A January survey of leading logistics executives published Tuesday showed “capacity continues to contract and prices continue to grow across the board.” The report found that the amount of inventory that is stuck in the system trying to reach destinations is partly responsible for the lack of transportation and warehouse capacity, which is leading to higher prices.
The Logistics Managers’ Index report, a barometer of change for several areas of the supply chain, showed the overall index with a reading of 67.2% in the month, up 0.5 percentage points from December and remaining well into growth territory.
The LMI is a diffusion index wherein a reading above 50% indicates expansion and a reading below 50% indicates contraction. The survey is intended to capture the rate of change in supply chain trends in areas like transportation, inventory and warehousing.
The overall index remained above the historical average of 62.4% during the month and much higher than the January 2020 reading of 54.1%.
Changes in the growth rates for the inventory metrics drove the bulk of this month’s change. The reading for inventory levels increased 5.7 percentage points to 62.5%. Inventory costs read 3.2 points higher at 75%.
“Due to constricted capacity and high inventory levels, it would appear that as firms increase the amount of inventory they’re holding, the cost of doing so is increasing at an increasing rate,” the report read. “This combined with tight capacity and high prices contribute to the increasing rate of growth detected in this month’s LMI.”
Transportation capacity contracted again in the period but at a slower rate. The capacity reading was 46.3%, 7.4 points closer to parity than the December level. The report pointed to a “glut of traffic currently sitting in U.S. ports” and companies “still having difficulty digging out of the inventory and supply chain backlogs built up in the early parts of the pandemic” as the reasons.
The transportation price index declined 4.1 points to a still very high level of 81%. Rates are still moving higher albeit at a slower pace than in the second half of 2020.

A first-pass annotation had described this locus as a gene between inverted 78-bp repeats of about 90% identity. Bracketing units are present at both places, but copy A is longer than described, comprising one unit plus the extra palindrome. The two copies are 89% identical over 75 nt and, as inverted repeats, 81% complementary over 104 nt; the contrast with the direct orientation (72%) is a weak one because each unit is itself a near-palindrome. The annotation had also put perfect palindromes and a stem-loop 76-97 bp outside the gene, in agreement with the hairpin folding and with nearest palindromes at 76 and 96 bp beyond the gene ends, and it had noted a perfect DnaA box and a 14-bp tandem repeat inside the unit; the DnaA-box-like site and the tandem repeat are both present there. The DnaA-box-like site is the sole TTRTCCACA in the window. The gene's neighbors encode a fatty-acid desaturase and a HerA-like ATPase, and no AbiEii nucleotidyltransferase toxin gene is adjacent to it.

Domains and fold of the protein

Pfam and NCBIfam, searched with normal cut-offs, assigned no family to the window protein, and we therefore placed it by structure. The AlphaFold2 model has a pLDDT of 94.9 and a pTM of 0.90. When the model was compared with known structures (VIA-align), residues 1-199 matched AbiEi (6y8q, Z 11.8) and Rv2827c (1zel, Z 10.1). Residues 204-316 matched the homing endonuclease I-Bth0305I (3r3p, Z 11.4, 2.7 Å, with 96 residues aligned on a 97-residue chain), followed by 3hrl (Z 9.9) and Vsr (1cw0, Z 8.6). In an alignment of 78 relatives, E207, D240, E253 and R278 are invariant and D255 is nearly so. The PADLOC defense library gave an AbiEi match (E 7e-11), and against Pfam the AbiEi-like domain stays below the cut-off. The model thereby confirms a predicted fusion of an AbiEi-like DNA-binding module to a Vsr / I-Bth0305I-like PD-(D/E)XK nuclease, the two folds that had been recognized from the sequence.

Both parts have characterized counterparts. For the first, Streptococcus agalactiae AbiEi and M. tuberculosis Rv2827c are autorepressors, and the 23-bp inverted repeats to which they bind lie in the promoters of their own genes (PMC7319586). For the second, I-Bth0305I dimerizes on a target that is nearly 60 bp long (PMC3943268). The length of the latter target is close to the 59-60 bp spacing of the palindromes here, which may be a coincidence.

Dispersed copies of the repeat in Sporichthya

The report said that the lack of a seasonal slowdown following the holidays and heading into Chinese New Year is keeping conditions tight. The recent COVID outbreak at the Los Angeles/Long Beach port complex has only complicated conditions further.
A continuation of current conditions is likely with the report noting consumer demand is expected to “grow with the rollout of the vaccine and the possibility of stimulus.” The report pointed to predictions for a 4% to 5% increase in GDP during the year.
As supply chains attempt to take on more inventory, warehouse capacity is declining and inventory costs are stepping higher. The warehousing capacity index came in at 45.6%, remaining in contraction territory for the fifth consecutive month. Inventory costs stood at 75%, above the 70% historical average and 8.9 points higher year-over-year.
“It is possible that due to the lack of capacity, that inventory prices are increasing at an increasing marginal rate, meaning that each additional increase in inventory being held is leading to ever-increasing increases in the cost to hold it,” the report added.
“In summation, the amount of inventory in the supply chain continues to grind some modes of transportation to a halt, putting a heavy burden on available capacity and driving up prices.”
The LMI is a collaboration among Arizona State University, Colorado State University, Rochester Institute of Technology, Rutgers University and the University of Nevada, Reno, conducted in conjunction with the Council of Supply Chain Management Professionals.